Windows Server instances on the free tier may be a tight fit. Depending on what you plan to do, the amount of memory apportioned to a Windows Server instance may not be enough to run anything terribly ambitious. If you're not doing more than serving up static Web pages, it should be fine. I was able to install MySQL/Apache instances on such a machine (via the AMPPS Web stack) and run it with about 20 percent RAM free.
On the plus side, if you're using a database via an AWS-hosted database instance (RDS), the database is launched entirely apart from the machine you're running. With RDS, you don't have to worry about running a database server on the actual instance you're using (and thus gobbling up that much more memory with it).
You don't get a consistent IP address by default. Because of the way AWS provisions addresses, instances do not come with a static IP address or a consistent private DNS name automatically. This makes it tough to host a free site for use by the outside world without some DNS trickery, as resetting the instance you're using will cause its IP address to also reset.
Fortunately, this limitation is easy to overcome. If you want a machine to be consistently reachable by the general public, you can use EC2 Elastic IP Addresses to provision a static IP for a free instance. Bear in mind that if you reserve an address and don't actually associate it with an instance, you'll be charged a small fee.
Best practices with the free tier
Clearly, the free tier has many gotchas. The resource limits make it all too easy to run up charges if you're not careful. As you strive to make the most of your micro instance, keep these guidelines in mind.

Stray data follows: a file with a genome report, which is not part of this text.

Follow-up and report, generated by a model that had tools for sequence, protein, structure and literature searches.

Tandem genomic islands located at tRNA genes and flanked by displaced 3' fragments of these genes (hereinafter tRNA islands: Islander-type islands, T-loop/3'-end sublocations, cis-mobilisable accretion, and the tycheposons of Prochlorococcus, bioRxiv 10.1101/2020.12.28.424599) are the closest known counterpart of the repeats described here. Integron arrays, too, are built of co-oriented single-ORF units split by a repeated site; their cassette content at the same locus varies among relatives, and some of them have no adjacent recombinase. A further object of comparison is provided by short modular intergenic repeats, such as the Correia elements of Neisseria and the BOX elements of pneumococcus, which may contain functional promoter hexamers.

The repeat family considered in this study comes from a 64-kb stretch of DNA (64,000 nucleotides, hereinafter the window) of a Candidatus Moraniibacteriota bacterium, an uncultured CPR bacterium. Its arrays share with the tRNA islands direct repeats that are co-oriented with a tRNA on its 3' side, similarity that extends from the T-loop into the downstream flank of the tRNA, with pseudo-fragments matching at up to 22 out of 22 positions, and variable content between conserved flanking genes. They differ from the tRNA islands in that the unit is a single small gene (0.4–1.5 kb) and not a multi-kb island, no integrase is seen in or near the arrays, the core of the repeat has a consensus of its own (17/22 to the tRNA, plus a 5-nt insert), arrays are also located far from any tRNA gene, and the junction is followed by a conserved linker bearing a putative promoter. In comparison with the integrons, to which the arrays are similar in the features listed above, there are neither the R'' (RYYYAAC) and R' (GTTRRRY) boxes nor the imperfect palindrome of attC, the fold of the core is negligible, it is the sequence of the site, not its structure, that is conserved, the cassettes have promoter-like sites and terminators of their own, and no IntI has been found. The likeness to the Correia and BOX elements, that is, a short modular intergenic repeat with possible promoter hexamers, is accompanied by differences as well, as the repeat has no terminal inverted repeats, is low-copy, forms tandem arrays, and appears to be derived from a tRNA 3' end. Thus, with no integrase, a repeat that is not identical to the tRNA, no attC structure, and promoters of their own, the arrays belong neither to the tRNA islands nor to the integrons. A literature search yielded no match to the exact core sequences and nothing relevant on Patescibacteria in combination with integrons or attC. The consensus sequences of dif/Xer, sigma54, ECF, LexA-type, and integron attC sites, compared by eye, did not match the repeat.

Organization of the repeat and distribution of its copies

Keep an eye on your billing. It should go without saying, but check in regularly with your AWS account activity page to see if you're running up charges you're not aware of. By default Amazon doesn't warn you if you've exceeded the free tier; you're just silently billed for any usage that isn't covered. If you want to be alerted to what your estimated usage is going to be and create alarms to warn you if you might exceed your budget, Amazon provides a billing alert system for your use. However, the number of alarms and notifications you can generate is limited by the free tier.
Keep an eye on your I/O usage. If you're using the server for yourself, you're not likely to run up a big I/O usage bill. But if you make your server public, that could change everything -- dramatically.
Figuring out the I/O usage for your instances isn't difficult, but it requires diligence and scrutiny. The EC2 management console provides monitoring tools, although the ones in the free tier aren't as granular as you otherwise get. You can't poll a free instance at more than five-minute intervals, whereas you get one-minute polling with for-pay instances.
You can also poll I/O usage from within the instance itself, using the OS's own tools. Here's one way to do it on Linux. In Windows you can use the Disk Transfers/Sec performance counter.
You can track your service charges through Amazon's reporting system, which also allows you to download the gory details in CSV/XML formats.